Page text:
Saturday, March 23, 2013

Over the Andes by Train

One of Latin America's great engineering achievements of the 19th century was the completion of a train line across the Andes between Lima and Huancayo.
The 12-hour journey begins in the desert coast around Lima and climbs through a subtropical river valley, dozens of rock tunnels, onto the puna, and finally up and over the snow-covered Cordillera. Needless to say, the 12-hour ride is a memorable experience.
The train was built between 1870 and 1908 and was the brainchild of American entrepreneur Henry Meiggs, who bragged that he could "get a train wherever a llama can walk". Polish engineer Ernest Malinowski designed most of the 61 bridges, 65 tunnels, and 21 switchbacks, built over four decades by 10,000 workers - more than half of whom were indentured workers, or coolies, from China.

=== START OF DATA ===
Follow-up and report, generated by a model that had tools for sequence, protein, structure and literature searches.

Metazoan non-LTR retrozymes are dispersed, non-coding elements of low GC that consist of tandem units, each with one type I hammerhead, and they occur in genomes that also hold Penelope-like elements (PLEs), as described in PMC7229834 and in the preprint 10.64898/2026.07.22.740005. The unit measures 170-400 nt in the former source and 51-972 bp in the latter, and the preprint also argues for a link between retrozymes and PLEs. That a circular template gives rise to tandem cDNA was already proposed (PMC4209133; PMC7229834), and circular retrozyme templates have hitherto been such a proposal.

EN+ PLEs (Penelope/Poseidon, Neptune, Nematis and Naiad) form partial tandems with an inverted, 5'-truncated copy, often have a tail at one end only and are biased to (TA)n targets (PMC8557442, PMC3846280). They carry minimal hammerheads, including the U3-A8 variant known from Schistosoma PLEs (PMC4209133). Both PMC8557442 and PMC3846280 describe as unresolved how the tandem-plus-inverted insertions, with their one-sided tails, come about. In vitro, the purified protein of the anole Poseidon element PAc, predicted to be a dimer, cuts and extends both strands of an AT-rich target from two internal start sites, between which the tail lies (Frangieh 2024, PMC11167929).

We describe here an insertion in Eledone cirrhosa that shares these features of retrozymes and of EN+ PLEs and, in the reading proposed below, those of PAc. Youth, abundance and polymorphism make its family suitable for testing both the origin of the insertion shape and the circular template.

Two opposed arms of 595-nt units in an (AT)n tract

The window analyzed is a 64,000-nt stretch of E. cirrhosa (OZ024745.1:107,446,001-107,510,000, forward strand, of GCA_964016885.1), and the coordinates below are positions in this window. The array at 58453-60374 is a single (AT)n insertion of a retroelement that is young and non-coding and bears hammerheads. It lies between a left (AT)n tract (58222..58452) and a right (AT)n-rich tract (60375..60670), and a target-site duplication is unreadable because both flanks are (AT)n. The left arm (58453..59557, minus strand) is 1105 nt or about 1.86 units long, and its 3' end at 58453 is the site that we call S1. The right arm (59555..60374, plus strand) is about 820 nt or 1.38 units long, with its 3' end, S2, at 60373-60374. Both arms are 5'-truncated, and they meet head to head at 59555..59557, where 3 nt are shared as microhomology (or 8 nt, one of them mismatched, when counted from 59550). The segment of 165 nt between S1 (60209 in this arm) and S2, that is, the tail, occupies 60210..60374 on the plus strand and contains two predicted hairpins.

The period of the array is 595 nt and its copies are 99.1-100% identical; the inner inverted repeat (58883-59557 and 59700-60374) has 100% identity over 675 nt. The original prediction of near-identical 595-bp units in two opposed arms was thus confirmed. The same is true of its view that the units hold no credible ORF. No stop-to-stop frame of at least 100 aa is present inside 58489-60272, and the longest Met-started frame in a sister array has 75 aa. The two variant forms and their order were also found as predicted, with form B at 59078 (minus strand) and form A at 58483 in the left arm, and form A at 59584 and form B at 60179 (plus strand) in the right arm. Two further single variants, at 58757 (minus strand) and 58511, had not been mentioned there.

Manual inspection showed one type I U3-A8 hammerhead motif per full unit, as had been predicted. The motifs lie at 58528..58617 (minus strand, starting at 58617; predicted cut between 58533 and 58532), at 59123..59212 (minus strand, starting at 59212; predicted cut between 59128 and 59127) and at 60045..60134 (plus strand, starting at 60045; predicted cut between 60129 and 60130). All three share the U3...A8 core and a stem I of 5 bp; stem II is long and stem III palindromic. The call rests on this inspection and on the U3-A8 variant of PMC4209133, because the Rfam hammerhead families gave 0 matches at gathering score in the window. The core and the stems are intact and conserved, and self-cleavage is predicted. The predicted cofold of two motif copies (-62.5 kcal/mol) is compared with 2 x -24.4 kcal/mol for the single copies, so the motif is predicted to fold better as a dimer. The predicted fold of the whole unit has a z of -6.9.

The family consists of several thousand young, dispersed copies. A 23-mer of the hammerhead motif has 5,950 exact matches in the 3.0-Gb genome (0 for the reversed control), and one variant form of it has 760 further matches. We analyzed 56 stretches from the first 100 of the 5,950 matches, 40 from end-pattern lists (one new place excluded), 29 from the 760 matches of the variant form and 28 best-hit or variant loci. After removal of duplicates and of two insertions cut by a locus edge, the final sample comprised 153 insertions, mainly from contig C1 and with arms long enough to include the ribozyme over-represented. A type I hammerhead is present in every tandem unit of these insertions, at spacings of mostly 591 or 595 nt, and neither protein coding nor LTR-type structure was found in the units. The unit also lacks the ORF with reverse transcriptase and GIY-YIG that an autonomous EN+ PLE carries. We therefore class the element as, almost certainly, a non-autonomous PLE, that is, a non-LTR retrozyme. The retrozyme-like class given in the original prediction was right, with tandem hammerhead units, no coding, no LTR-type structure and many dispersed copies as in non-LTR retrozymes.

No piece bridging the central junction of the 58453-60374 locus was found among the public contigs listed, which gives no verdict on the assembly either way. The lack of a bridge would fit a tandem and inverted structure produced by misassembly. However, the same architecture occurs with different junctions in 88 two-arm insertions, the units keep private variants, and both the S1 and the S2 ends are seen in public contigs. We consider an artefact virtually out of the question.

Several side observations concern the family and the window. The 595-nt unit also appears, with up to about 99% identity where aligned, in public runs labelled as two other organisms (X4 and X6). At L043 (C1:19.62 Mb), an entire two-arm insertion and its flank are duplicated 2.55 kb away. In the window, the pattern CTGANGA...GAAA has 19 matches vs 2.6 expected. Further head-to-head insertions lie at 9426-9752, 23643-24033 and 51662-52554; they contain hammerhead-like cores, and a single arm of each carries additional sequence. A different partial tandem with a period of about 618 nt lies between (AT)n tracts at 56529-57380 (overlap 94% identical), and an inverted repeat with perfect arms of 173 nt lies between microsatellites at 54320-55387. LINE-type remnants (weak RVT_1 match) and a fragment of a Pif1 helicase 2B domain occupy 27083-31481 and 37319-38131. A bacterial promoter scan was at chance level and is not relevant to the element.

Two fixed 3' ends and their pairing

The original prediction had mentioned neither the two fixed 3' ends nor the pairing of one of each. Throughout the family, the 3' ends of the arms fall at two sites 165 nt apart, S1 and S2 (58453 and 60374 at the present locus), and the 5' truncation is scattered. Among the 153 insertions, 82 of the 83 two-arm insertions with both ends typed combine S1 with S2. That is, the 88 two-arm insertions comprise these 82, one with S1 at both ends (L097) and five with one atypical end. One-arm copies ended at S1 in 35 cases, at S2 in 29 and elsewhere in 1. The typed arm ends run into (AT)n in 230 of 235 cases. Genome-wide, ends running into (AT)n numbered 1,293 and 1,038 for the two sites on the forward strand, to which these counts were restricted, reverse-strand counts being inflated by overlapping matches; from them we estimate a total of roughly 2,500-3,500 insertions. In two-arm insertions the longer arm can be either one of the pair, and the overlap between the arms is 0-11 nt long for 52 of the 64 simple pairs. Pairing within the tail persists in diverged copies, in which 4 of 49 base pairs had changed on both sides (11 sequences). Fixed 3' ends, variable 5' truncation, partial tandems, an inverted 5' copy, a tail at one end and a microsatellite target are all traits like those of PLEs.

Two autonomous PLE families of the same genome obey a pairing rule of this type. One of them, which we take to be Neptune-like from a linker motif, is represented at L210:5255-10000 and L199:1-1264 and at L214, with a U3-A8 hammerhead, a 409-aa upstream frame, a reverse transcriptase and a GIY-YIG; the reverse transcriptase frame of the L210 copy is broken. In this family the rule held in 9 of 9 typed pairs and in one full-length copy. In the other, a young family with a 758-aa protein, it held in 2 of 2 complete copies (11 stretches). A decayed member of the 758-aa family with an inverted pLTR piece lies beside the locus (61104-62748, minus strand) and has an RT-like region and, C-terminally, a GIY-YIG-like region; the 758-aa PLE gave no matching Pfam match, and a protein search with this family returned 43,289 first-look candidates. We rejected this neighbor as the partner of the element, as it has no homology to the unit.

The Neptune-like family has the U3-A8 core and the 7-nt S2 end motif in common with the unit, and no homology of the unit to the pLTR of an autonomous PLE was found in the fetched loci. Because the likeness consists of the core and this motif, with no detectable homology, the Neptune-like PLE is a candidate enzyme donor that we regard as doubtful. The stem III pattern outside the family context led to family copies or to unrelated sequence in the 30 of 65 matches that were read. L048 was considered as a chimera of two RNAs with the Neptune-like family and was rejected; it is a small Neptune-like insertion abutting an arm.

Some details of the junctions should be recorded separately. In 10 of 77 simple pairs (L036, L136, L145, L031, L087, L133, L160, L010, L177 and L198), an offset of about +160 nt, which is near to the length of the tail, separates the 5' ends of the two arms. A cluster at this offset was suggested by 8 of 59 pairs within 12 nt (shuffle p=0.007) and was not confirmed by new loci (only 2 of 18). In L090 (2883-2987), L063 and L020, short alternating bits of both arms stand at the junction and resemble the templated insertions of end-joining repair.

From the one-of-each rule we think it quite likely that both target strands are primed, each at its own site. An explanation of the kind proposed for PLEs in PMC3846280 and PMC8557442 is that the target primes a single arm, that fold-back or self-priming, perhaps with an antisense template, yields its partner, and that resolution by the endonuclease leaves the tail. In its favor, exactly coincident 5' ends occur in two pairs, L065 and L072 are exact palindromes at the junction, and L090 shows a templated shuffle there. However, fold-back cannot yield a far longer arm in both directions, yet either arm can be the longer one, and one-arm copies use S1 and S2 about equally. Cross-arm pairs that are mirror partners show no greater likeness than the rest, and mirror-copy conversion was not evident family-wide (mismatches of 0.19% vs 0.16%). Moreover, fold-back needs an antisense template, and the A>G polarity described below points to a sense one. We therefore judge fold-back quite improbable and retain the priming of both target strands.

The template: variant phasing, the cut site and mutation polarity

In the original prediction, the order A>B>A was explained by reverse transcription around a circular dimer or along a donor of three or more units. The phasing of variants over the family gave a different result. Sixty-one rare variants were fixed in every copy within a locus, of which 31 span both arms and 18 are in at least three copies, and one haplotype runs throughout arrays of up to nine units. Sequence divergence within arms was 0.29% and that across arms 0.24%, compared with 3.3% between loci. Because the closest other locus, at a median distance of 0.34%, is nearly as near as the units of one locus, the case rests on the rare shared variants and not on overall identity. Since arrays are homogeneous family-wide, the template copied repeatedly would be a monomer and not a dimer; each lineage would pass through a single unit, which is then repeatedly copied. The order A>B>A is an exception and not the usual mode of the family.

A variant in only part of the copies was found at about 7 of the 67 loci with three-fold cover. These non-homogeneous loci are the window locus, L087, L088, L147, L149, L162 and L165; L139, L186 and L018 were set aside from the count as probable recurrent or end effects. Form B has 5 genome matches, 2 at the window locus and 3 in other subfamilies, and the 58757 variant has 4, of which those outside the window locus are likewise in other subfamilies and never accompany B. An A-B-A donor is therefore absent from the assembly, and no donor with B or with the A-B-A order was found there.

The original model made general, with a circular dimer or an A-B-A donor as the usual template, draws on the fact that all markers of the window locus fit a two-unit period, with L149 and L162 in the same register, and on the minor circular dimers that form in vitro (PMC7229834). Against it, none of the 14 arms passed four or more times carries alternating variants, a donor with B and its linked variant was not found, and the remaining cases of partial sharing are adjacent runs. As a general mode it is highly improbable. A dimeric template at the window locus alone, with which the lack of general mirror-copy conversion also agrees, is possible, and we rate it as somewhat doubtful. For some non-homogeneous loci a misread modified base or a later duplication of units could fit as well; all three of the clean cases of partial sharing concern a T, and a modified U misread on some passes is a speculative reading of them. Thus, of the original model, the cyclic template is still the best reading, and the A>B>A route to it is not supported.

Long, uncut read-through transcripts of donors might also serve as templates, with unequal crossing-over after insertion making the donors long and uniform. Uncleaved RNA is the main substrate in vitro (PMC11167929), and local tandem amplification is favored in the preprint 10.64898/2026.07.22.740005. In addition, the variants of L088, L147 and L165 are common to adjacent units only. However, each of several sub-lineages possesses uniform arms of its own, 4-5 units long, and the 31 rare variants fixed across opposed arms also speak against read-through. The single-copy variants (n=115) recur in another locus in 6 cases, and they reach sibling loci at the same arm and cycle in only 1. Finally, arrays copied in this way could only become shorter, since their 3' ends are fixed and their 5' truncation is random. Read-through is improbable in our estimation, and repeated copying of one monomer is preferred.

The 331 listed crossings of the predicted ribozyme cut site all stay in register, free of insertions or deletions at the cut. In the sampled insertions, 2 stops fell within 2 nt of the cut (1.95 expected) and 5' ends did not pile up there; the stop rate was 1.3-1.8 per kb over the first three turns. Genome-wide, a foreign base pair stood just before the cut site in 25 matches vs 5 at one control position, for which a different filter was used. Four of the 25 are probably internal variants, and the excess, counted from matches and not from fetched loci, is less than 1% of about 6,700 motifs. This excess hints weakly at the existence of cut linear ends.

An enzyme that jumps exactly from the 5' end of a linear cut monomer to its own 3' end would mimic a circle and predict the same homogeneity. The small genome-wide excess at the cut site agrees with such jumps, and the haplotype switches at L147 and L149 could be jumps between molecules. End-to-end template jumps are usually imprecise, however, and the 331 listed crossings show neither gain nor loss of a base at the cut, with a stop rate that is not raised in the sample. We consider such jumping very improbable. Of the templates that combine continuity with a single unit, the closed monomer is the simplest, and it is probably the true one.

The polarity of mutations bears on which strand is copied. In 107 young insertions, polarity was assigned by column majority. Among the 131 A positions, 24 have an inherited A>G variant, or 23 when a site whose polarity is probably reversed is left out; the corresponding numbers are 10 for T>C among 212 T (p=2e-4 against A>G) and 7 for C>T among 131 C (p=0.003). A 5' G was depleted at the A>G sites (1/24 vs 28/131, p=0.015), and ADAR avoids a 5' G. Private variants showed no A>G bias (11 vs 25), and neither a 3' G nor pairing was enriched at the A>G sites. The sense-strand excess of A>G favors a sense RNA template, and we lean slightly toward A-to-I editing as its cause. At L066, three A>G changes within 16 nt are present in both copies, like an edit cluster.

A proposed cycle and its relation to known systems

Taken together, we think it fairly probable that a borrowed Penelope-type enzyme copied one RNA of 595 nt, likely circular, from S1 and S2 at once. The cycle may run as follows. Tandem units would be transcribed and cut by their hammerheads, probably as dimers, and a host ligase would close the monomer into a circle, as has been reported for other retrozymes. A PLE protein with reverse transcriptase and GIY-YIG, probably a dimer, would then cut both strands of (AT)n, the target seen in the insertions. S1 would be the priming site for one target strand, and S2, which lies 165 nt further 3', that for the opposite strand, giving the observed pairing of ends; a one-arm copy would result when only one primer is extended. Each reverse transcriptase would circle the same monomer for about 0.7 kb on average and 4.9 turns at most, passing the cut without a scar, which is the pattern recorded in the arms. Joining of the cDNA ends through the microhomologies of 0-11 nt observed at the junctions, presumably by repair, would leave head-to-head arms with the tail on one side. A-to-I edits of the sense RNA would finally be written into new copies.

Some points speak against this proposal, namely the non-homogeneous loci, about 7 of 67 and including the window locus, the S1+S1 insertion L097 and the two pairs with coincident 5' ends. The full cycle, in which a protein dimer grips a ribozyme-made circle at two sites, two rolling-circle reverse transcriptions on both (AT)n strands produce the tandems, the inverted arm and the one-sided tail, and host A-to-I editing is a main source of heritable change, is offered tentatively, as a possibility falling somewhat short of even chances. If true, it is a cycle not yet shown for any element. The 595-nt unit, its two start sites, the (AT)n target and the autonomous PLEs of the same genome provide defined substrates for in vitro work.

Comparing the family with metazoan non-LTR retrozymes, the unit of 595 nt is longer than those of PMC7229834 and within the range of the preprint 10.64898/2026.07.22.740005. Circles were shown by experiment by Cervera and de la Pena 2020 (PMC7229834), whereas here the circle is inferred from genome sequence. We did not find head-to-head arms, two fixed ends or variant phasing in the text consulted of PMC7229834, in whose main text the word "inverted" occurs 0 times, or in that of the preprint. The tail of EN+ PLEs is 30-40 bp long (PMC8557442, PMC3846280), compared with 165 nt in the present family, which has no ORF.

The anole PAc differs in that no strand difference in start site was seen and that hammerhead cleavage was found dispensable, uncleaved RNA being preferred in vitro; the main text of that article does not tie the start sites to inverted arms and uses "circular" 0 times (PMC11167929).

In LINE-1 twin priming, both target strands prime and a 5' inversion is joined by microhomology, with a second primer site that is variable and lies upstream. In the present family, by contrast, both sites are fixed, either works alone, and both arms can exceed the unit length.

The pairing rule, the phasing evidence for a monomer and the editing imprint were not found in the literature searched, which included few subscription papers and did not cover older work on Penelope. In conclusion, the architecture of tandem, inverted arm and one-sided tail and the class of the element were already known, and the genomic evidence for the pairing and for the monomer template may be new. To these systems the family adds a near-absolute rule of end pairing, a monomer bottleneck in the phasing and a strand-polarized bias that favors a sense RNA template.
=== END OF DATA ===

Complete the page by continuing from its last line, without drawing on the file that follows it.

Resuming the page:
The train, considered to serve the highest passenger station in the world, climbs nearly nine meters per minute until reaching Ticlio at 4,758 meters. Shortly afterwards it climbs to its highest point La Galera, a tunnel through the Andes at 4,781 meters.
While adusting to a higher altitude, it is always a good idea to avoid alcohol, heavy foods, and physical exertion. As the Bolivians say, COME POCO, TOME POCO Y DUERMA SOLO:)
(Eat little, drink little and sleep alone")  :)

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